Skip to comments.Subway Takes Chemical Out of Sandwich Bread After Protest
Posted on 02/06/2014 4:44:51 AM PST by SoFloFreeper
Subway said today it is removing a chemical used in yoga mats and shoe soles from the bread of it its popular sandwiches after a food blogger got more than 50,000 signatures in a petition drive.
"The complete conversion to have this product out of the bread will be done soon," Subway said in a statement. The company said the move had nothing to do with the protest and that it was "already in the process of removing azodicarbonamide as part of our bread improvement efforts."
But Vani Hari, the activist blogger who takes credit for the removal of yellow dyes in at least three of Kraft's Mac & Cheese products for children, was declaring victory after she had been researching the company's bread ingredients since 2012.
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So their latest groveling to the left won't affect me.
This move does, however, give them an excuse as to why their future sales are going to plummet.
People iron shirts with corn starch. Maybe that should be taken out of food as well.
I wonder, is that chemical why their places always stink? I can’t even stand walking into a gas station that has one inside.
"We have to pass the bill before you can find out what's in it.."
I say, good for this lady..she's not a shake-down artist...trying to profit off of it..no lawsuits involved..using the internet to get the petition signed..way to to go
But when are they going to get rid of that killer chemical dihydrogen monoxide? It permeates every part of their food preparation process.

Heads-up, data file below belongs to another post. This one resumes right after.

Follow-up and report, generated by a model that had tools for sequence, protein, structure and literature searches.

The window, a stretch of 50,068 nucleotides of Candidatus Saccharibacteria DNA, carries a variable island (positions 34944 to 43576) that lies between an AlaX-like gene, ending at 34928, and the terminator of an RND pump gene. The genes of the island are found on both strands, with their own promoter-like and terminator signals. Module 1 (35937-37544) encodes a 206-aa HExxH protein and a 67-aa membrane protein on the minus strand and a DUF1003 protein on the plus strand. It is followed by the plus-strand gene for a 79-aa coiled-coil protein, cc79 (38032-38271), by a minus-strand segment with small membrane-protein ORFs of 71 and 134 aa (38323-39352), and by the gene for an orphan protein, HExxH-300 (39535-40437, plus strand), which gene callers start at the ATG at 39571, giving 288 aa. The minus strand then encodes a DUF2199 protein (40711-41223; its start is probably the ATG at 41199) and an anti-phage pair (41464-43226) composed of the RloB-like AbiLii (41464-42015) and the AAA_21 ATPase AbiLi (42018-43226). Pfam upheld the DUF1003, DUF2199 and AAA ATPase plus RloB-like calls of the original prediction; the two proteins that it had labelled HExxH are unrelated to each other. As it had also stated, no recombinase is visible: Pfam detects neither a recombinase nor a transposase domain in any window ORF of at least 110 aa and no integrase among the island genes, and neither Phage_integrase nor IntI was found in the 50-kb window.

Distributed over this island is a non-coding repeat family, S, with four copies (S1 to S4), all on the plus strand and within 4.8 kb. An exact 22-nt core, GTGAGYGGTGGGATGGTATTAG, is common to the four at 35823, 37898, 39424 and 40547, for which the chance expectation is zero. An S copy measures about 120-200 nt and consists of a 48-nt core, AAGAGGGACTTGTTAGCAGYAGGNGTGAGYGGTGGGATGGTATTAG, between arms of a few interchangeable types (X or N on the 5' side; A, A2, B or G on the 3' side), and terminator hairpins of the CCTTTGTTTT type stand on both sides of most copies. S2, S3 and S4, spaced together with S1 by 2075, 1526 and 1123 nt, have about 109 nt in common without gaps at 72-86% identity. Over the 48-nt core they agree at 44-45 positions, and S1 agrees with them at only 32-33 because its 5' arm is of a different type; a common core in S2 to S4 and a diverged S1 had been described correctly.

Sasquatches hate azodicarbonamide.
“Subway said today it is removing a chemical used in yoga mats and shoe soles”
So all this time ive been eating yoga mats and shoe soles?
Back in ‘11 and ‘12 I substituted for a guy in North Carolina on the docks of a very large Frozen Food distribution warehouse. My attention was drawn to a broken case of totally symmetrical, identical, circular yellow pads on the floor. They were the contents of a broken cake of breakfast eggs........ for Subway stores.
I then began to look to see what else was being shipped fresh to the Subway stores. Every thing.
Bread is several varieties (uncooked dough loaves actually), ham, roast beef ......
Nothing but lettuce at Subway is fresh. It comes preprepared and frozen
Since Subway climbed in bed with the obamas and I no longer eat or purchase their products[sandwiches], it does not matter to me what they do or do not do.
>>> But Vani Hari, the activist blogger who takes credit for the removal of yellow dyes in at least three of Kraft’s Mac & Cheese products for children, was declaring victory after she had been researching the company’s bread ingredients since 2012. <<<
Needs repeating. Instead of calling it food color, call it ‘CHEMICAL’ (azo-something that you can’t spell or pronounce, oh how scary!) This is what happens if more millions enjoy more ‘funemployment’ or ‘free agents’, or ‘more freedom and options to choose’.